Sitting on hunger strike is not a suicide attempt, says HC


Will sitting on a hunger strike for days together to press certain demands and refusing to cooperate with the authorities in the provision of medical treatment amount to a criminal offence under Section 309 (attempt to commit suicide) of the Indian Penal Code? The Madras High Court has answered this question of law with a categorical no.

Quashing one such case booked against a Sri Lankan refugee, Justice N. Anand Venkatesh said: “The mere fact that the petitioner has protested by sitting on hunger strike will not attract the offence under Section 309 IPC. Even if the materials available on record are taken as it is, it does not constitute an offence under Section 309 IPC.”

Advocate P. Pugalenthi brought it to the notice of the court that petitioner P. Chandrakumar was lodged in a special refugee camp functioning on the Poonnamalee sub jail campus in 2013. Unlike those lodged in regular refugee campus, the inmates of special camps were denied the freedom of movement and not allowed to step out. Therefore, the petitioner sat on a hunger strike for nearly 10 days between August 15 and August 24, 2013.

He was also accused of not cooperating with the local Tahsildar when attempts were made to provide medical treatment to him when his health condition worsened due to the protest having been continued for nearly 10 days.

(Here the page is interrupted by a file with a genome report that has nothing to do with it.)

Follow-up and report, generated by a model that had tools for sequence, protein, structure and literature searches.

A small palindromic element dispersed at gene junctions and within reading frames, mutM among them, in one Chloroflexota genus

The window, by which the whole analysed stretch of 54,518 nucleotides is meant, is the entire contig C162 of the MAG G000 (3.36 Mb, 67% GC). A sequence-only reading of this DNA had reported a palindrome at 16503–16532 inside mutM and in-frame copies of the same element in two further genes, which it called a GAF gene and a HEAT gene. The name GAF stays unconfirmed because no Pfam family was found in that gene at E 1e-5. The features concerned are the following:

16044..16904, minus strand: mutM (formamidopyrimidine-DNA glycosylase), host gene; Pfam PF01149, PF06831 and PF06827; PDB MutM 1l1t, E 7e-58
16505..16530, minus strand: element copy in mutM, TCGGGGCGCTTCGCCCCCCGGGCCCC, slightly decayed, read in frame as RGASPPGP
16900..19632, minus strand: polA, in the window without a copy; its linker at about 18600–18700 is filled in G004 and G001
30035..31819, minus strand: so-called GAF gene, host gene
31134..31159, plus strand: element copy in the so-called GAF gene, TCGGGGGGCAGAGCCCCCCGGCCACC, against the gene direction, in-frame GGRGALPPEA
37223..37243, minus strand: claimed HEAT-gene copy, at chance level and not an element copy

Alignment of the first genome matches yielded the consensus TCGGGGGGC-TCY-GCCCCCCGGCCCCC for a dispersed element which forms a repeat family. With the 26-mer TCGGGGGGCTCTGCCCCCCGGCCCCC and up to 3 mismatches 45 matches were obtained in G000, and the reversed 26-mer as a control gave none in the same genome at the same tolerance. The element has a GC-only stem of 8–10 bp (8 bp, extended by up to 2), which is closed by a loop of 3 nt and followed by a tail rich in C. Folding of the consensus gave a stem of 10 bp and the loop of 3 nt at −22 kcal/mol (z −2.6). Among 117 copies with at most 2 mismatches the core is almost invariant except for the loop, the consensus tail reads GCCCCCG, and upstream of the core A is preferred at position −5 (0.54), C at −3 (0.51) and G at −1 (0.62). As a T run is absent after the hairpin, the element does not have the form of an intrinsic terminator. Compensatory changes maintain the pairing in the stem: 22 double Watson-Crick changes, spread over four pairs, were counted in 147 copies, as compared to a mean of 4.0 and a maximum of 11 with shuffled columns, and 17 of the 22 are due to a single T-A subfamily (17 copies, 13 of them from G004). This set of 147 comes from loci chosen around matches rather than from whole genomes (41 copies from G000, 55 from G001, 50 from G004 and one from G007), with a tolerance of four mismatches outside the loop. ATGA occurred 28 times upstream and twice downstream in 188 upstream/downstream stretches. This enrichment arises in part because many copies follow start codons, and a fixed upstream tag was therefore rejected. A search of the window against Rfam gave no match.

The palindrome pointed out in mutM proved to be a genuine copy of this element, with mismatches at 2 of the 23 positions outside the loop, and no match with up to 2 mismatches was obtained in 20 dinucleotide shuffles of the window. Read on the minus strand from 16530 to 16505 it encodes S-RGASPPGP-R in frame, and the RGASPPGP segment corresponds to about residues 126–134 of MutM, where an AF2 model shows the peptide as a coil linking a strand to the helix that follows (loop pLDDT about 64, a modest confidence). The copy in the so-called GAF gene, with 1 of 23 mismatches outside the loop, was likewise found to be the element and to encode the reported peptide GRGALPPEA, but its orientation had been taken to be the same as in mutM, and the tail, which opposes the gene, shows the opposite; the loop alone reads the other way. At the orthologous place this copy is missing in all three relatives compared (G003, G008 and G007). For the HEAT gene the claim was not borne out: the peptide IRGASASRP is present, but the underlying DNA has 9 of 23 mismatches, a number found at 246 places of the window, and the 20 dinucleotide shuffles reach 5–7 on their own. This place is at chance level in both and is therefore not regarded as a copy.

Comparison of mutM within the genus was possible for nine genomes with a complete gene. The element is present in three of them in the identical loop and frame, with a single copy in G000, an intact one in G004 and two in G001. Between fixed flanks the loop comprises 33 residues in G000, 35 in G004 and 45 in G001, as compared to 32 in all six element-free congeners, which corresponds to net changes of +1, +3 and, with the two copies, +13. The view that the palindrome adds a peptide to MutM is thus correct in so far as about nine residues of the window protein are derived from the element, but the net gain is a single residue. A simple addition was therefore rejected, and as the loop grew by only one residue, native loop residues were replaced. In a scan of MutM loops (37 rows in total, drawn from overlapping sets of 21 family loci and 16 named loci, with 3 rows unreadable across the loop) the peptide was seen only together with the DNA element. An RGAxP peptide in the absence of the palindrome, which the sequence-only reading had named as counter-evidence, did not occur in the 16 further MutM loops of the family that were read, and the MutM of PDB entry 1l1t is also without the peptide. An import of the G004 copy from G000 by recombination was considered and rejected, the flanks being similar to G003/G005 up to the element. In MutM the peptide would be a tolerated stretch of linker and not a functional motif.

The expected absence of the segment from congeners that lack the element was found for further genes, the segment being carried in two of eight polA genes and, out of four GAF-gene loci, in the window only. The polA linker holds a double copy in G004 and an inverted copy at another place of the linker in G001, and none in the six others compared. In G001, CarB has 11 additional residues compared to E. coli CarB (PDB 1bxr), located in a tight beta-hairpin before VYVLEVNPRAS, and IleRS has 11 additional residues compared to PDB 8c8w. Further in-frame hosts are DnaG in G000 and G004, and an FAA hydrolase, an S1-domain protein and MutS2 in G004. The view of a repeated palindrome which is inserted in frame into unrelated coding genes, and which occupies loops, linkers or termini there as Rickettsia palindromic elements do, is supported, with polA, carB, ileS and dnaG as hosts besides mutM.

Acting on the basis of a complaint lodged by a local policeman in-charge of the security in the special camp, a First Information Report (FIR) was registered against the petitioner under Section 309 of the IPC and a chargesheet was also laid before a judicial magistrate, who took cognisance in 2016, forcing the petitioner to move the High Court.

The petitioner’s counsel primarily raised two grounds. One was that the act of going on a hunger strike or sitting on a fast would not amount to an offence under Section 309 of IPC. The second ground was that the magistrate ought not to have taken cognisance after three years since such an act was barred by the period of limitation.

It was brought to the notice of the court that Section 468 of the Code of Criminal Procedure states that courts should take cognisance of offences within six months if they were punishable with fine alone, within a year if the offence was punishable with prison term not exceeding one year and within three years if the offence was punishable with prison term exceeding one year but not exceeding three years.

In the case of Section 309 of IPC, punishable with simple imprisonment which could extend up to one year or with fine or with both, the Magistrate ought to have taken cognisance within one year, the counsel argued and the judge concurred with him. “Taking cognizance of the final report by the court below is barred by law and stands vitiated,” the judge held.

(Assistance for overcoming suicidal thoughts is available on the State’s health helpline 104 and Sneha’s suicide prevention helpline 044-24640050.)

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